Filius and Kummeling say no longer participating in the NSE, and choosing to hold a UU-made questionnaire amongst students instead, is something to ‘seriously consider’. Kummeling hopes, however, that Studiekeuze123 will address the wishes and concerns the UU has – which, he says, are shared widely at other universities as well. The rector calls for universities who share his feelings to join hands in developing a new questionnaire in case this ends up being necessary.

Pauline Thoolen, head of information management at Studiekeuze123, says it’d be a shame if the UU were to quit the NSE. The UU would then no longer be visible on the website for high school students choosing a study programme. “Utrecht University is a large university. If it were to quit participating in the NSE, we wouldn’t be able to provide prospective students reading our Study Chooser with information about how happy students are about UU programmes. The NSE is a national questionnaire, and if we don’t have all educational institutions participating, we can’t make as many comparisons. It’s also at the expense of the national, representative image about the development of student satisfaction. It would definitely be a shame if the university chooses to quit.”

‘NSE can’t meet the needs of the university in all aspects’
Thoolen: “Studiekeuze123 conducts the NSE with subsidies given to us by the Ministry of Education with the goal of creating a national source of information for prospective students. The results may give reason to have additional discussions with students. Is something the matter here, and if yes, what is it? A national instrument like the NSE can’t be quality research that meets all needs of individual universities and universities of applied sciences – like in the line of questioning, for example.” The UU, she says, shouldn’t withdraw from the NSE if the only reason to do so is that the study is fragmentary.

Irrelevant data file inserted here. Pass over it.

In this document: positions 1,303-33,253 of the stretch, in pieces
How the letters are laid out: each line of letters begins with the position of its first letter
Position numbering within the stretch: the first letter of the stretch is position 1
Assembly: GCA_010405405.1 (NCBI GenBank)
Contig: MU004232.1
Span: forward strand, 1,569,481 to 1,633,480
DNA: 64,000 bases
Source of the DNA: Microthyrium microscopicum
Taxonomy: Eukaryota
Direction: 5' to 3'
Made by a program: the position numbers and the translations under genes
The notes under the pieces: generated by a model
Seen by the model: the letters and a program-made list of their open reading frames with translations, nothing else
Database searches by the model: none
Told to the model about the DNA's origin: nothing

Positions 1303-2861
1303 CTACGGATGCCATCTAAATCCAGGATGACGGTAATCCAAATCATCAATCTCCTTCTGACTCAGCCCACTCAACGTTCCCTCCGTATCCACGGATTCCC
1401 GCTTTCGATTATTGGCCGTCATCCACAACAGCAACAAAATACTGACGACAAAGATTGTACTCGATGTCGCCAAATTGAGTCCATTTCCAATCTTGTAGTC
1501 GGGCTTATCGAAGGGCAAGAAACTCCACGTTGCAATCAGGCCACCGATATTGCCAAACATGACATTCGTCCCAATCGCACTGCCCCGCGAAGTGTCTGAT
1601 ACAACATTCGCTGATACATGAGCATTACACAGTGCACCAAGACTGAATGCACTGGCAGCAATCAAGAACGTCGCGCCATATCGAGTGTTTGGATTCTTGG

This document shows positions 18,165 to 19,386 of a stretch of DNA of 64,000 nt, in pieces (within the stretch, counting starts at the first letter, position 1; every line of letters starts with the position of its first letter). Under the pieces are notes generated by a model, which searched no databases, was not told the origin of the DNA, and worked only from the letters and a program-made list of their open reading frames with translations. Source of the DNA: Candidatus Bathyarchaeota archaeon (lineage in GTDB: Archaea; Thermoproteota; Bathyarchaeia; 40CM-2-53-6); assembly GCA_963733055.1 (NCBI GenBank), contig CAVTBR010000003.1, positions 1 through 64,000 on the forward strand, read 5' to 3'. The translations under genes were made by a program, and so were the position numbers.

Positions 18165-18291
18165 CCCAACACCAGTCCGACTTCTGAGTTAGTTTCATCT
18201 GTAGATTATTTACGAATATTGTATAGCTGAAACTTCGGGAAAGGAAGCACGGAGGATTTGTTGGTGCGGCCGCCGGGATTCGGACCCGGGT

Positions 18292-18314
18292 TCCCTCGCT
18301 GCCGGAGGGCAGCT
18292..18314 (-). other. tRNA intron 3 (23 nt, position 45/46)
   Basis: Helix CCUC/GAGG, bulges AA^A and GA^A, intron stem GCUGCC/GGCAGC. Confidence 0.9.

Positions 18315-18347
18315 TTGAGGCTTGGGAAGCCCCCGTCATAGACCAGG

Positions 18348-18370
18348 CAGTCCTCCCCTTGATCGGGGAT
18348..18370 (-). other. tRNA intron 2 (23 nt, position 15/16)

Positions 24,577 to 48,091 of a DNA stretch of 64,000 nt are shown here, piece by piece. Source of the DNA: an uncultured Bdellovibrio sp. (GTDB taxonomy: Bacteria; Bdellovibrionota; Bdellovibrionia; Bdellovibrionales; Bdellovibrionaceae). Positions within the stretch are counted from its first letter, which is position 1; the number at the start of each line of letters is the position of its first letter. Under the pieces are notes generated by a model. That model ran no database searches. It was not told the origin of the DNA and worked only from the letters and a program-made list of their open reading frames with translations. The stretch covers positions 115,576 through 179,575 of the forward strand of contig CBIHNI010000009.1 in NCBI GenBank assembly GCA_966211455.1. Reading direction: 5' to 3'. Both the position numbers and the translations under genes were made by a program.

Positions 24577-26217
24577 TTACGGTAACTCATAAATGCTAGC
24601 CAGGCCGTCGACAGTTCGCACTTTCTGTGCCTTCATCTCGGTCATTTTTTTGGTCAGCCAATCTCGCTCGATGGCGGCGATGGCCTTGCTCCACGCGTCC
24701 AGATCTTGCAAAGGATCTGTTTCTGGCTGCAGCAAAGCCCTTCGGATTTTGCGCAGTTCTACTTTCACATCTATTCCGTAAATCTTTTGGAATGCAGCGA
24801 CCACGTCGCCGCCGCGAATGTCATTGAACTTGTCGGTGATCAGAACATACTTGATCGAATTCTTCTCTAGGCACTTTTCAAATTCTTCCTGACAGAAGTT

The head of information management acknowledges that, for universities, valuable information has been anonymised much more than it had been in previous years. This is a result of the new privacy laws. One consequence is that this past year, universities were no longer able to see of thirty percent of respondents whether they were freshmen or upperclassmen. Their opinions have been taken into account when constructing the general assessment of a study programme or institution, but can’t be split between first-years and later-years. Thoolen says Filius’ criticism, that universities can’t see what students feel about a programme within a Master’s programme, is partially unfounded. “Studiekeuze123 has given the universities additional information they can use to track programmes within Master’s programmes. The only time it’s not possible to do this, is when a group has fewer than five students, or if the information is traceable.”

‘Anonymisation offers a platform to the whole target group’
Tholen says it’s wrong to say that up until this year, the university received more information. The head of information management thinks the UU in fact receives even the information from students who prefer to remain anonymous. “These are students who wouldn’t have participated if their data are given to the university. Those are students the university doesn’t have information about. Studiekeuze123 has found ways within the limits of the privacy laws to let all students voice their thoughts. So we’re not limiting, but in fact have taken a step to let as many students as possible respond to the questionnaire.”

The numbers, however, don’t show an increase in the number of respondents. In the past year, fewer students participated than before: 36.2 percent this year versus 38.6 percent in 2017, and 42.9 percent the year before that.

NSE-no or NSE-yes?
Still, Studiekeuze123 and the UU aren’t diametrically opposed. Both stress it’s important to ask students what they feel about their study programme and institution, in order to improve quality and to ensure proper information for high school students. Renée Filius: “Students’ voices need to be heard, and we want to keep providing prospective students with proper information.” But, says the head of educational policy of the department of Academic Affairs, the way this happens is what’s being discussed at the moment.

By mid-November, the UU has to make a definitive choice on whether the university will participate in the 2019 National Student Questionnaire. If the UU decides to participate, the questionnaire will be sent out in January 2019.